Mexican Congress approves budget after protests
MEXICO CITY (AP) — Mexico’s lower house of Congress approved the 2020 federal budget Friday in an all-night meeting at a convention center after protests and blockades by farm groups surrounding the Congress building.
The protests were sparked by President Andres Manuel Lopez Obrador’s policy of giving money directly to farmers and poor families rather than distributing funds through groups that claim to represent them.
The farm groups often build autocratic fiefdoms in the Mexican countryside, forcing members to participate in protests in order to receive benefits.
Lopez Obrador’s Morena party instead focused on direct transfers and farm subsidies to prevent such groups from skimming aid money for themselves. Many of the farm groups also functioned as political allies of the old ruling party, which Morena displaced in 2018 elections.
But opposition legislators also criticized Morena for cutting funds for regulatory and watchdog agencies the president has tangled with.
The $315 billion federal budget includes deep cuts in funding for the judiciary, the federal electoral agency and the federal freedom of information agency.
Opponents said those cuts will make it hard to hold free, fair and reliable elections.
Rep. Fernando Galindo of the former ruling Institutional Revolutionary Party said the budget will cut about $77 million from the attorney general’s office at a time when crime is rampant, and about $55 million from the federal election agency.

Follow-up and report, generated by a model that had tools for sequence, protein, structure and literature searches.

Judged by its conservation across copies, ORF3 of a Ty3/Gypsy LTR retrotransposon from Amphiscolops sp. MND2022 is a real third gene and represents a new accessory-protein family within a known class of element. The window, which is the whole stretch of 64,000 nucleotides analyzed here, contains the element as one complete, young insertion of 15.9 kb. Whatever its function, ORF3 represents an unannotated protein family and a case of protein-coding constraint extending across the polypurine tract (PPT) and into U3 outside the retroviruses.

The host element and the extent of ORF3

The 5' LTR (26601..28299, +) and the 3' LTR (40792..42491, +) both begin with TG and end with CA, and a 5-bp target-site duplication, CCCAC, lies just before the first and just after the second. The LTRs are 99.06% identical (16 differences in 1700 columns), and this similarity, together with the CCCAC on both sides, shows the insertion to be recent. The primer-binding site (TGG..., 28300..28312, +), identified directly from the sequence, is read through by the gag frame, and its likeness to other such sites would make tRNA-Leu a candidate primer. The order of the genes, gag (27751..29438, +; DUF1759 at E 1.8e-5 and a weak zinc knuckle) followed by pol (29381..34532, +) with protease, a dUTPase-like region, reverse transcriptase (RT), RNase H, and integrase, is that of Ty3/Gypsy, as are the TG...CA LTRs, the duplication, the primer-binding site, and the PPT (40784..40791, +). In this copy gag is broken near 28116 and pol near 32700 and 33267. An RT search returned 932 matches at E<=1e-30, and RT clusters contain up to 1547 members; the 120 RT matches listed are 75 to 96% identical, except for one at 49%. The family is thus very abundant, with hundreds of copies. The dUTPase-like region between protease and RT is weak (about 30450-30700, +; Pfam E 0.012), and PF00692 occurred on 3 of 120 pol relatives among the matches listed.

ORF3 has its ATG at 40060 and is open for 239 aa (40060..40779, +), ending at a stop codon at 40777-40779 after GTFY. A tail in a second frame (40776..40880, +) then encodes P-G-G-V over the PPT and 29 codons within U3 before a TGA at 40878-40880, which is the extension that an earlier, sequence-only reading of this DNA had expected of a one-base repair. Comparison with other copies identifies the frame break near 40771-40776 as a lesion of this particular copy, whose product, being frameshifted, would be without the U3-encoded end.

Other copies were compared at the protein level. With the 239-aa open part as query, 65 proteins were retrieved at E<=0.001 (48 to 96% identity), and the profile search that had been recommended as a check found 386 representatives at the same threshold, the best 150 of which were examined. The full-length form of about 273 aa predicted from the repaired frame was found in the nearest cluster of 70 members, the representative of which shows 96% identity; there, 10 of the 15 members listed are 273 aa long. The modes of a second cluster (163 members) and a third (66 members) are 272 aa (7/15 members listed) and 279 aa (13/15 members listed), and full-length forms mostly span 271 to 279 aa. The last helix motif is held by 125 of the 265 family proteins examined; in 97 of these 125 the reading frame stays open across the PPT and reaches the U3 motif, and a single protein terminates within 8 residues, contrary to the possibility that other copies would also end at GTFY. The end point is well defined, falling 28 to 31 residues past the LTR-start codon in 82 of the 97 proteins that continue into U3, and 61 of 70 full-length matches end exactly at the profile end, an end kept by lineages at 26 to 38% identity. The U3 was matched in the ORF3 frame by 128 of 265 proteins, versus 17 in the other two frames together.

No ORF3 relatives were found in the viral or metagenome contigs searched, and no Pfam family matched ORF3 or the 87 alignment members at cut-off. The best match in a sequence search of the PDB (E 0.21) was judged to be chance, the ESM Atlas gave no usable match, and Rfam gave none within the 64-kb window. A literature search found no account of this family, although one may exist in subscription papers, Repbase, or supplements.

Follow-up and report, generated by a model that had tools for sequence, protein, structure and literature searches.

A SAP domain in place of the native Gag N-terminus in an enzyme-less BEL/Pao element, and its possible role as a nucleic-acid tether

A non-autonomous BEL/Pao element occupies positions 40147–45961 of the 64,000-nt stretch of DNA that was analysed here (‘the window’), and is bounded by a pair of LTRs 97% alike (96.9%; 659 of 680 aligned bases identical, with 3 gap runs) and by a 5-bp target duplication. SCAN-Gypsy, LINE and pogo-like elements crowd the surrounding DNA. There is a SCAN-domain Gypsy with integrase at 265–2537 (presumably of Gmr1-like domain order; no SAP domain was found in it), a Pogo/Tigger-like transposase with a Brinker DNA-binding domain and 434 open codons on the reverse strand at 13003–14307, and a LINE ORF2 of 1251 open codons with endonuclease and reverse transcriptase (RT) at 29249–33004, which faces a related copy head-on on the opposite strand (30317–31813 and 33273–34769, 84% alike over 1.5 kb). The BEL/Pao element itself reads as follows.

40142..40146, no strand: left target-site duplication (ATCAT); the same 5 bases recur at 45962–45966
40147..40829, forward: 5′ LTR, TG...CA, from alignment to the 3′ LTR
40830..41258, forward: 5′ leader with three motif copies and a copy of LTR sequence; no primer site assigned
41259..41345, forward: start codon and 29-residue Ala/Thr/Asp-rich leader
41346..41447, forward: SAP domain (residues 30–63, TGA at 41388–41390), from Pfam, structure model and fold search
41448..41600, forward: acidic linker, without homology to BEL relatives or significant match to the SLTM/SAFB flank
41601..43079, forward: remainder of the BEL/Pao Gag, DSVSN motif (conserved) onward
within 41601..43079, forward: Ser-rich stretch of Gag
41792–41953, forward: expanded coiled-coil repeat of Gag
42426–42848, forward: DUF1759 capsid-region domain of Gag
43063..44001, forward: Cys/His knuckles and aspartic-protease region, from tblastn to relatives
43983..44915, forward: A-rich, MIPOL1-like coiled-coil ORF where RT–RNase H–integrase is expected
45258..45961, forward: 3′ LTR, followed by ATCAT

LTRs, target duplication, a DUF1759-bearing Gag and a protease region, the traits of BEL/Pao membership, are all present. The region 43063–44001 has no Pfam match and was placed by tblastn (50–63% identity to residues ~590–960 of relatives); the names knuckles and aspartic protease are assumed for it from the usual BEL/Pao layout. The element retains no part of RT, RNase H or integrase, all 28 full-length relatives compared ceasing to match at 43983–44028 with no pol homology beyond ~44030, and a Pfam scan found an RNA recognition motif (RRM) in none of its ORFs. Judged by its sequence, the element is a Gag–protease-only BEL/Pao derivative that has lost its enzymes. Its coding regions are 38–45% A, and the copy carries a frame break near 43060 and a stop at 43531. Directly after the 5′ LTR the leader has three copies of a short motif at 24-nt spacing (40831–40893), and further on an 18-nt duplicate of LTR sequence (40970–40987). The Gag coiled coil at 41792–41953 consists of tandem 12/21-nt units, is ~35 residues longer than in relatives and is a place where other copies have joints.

However, the budget included a large 8.8% increase in the budget for the state-owned oil company, Petroleos Mexicanos, or Pemex. The money will help the heavily-indebted company build a controversial new oil refinery on the Gulf coast.
More important, from a U.S. perspective, is the $72 million budgeted for implementation of Mexico’s labor law reforms, which are intended to ensure that workers can really vote for the union representatives and labor contracts.
Mexico has attracted huge foreign investments in auto plants, in part because pro-company unions have been able in the past to sign low-wage contracts before plants even open.
U.S. legislators have been angered about U.S. manufacturing jobs moving to Mexico to take advantage of the low wages and have delayed approval of the new-negotiated U.S.-Mexico Canada Trade Agreement, in part, because of doubts about whether Mexico is doing enough to implement and fund the labor reforms.